The use of adventure therapy techniques by clinical social workers: Implications for practice and training
Adventure therapy, an experiential intervention that combines outdoor, adventure based activities and group process, is used in direct practice by clinical social workers; however, it is unclear to what extent clinical social workers are actually utilizing these techniques. This research project surveyed a random sample of clinical social workers and examined in greater depth how they are utilizing adventure therapy programming with different clients in various treatment settings, as well as what type of education and training they received for engaging in these practices. A random sample of 646 clinical social workers in NASW responded to the survey, and more than 1/3 of this sample (35.1 %) reported the use of adventure based activities for therapeutic purposes in their social work practice. However, few of the social workers reported formal education or training in the use of adventure therapy, highlighting the need for more attention in both educational and clinical settings to proper instruction around this growing intervention.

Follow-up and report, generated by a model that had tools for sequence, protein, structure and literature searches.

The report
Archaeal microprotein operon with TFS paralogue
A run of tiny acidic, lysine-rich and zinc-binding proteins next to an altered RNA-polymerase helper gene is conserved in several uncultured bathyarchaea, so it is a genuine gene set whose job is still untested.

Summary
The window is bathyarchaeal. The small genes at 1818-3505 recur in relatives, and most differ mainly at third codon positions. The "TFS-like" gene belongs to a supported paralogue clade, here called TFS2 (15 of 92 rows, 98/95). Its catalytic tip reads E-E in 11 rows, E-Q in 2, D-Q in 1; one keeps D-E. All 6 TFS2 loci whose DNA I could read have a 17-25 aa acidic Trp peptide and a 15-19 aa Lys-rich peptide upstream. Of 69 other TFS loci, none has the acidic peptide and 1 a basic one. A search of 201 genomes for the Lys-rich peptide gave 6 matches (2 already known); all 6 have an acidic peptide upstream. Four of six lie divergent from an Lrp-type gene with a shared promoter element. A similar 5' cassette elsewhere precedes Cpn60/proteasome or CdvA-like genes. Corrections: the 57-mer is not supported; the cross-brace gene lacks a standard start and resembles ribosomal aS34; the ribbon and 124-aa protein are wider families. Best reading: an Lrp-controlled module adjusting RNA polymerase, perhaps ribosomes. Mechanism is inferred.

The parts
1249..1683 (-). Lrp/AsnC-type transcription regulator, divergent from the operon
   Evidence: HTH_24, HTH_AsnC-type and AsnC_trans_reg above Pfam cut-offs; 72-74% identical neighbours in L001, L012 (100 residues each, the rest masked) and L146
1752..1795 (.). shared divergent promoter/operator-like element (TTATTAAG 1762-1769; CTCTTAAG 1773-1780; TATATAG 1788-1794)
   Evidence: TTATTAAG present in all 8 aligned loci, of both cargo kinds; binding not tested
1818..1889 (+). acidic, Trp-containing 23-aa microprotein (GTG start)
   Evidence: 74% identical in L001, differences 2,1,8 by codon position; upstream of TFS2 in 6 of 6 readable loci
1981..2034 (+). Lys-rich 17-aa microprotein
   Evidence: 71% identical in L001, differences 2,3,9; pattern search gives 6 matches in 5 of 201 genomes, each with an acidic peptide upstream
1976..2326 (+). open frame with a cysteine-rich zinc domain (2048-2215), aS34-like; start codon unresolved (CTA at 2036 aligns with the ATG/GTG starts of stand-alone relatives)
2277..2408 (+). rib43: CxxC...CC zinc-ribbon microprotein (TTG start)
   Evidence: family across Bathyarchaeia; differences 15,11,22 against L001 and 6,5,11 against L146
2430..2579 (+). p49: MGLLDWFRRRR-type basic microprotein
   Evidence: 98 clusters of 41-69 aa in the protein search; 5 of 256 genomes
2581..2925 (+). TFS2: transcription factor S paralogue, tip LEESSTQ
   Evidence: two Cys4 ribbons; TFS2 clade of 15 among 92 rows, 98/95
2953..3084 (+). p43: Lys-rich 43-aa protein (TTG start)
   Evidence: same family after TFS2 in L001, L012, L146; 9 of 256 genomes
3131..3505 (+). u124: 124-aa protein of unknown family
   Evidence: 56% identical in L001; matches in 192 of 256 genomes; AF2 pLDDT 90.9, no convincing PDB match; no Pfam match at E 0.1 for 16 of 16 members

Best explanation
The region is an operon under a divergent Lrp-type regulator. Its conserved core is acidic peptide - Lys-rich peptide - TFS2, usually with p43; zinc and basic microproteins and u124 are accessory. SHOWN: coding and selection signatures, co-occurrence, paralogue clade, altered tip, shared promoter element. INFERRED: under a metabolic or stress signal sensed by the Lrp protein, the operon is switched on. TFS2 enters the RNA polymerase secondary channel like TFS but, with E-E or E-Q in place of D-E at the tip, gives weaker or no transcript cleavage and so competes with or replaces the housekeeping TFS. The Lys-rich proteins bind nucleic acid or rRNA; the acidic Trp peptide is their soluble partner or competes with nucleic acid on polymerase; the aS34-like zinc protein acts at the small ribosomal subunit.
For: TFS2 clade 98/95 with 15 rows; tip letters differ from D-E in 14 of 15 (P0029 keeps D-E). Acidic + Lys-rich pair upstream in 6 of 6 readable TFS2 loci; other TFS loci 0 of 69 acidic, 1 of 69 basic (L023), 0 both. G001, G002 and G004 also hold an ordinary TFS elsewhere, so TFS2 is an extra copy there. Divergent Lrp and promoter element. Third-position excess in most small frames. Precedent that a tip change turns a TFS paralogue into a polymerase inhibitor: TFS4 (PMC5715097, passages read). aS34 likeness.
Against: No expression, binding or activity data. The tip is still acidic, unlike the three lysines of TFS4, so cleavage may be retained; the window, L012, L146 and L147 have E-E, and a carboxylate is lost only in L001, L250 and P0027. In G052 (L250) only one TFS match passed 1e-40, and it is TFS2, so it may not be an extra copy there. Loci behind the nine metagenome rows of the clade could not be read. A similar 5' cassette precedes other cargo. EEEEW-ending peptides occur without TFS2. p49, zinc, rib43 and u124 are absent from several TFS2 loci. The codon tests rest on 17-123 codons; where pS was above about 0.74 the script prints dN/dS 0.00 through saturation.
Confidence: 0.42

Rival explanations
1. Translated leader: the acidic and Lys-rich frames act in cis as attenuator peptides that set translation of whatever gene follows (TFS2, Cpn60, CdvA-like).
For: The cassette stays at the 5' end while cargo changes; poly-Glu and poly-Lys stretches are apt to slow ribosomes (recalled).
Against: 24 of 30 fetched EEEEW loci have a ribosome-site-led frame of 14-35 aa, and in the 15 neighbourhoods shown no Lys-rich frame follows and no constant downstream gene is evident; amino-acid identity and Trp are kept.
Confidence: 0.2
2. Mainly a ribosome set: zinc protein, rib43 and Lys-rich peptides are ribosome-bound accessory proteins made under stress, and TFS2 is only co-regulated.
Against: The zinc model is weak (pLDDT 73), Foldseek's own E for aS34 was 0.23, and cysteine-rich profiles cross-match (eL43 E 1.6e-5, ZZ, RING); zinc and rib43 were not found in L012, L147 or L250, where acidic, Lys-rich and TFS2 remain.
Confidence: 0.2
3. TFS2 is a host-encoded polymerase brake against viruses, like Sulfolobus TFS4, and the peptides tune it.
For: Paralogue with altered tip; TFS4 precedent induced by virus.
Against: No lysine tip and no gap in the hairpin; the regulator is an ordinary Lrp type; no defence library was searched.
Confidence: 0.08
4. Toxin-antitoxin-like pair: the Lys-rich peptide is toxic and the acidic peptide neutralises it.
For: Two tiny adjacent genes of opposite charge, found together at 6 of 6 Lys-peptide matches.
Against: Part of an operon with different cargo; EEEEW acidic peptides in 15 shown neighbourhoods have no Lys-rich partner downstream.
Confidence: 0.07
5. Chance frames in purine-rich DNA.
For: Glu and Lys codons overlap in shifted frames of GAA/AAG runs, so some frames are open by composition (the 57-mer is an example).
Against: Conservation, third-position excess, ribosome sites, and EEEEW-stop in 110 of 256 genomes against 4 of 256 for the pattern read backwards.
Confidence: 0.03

Clinical Social Work Journal
Digital Object Identifier (DOI)
Tucker, A.R., & Norton, C.L. (2013). The use of adventure therapy techniques by clinical social workers: Implications for practice and training. Clinical Social Work Journal, 41, 333–343. doi: 10.1007/s10615-012-0411-4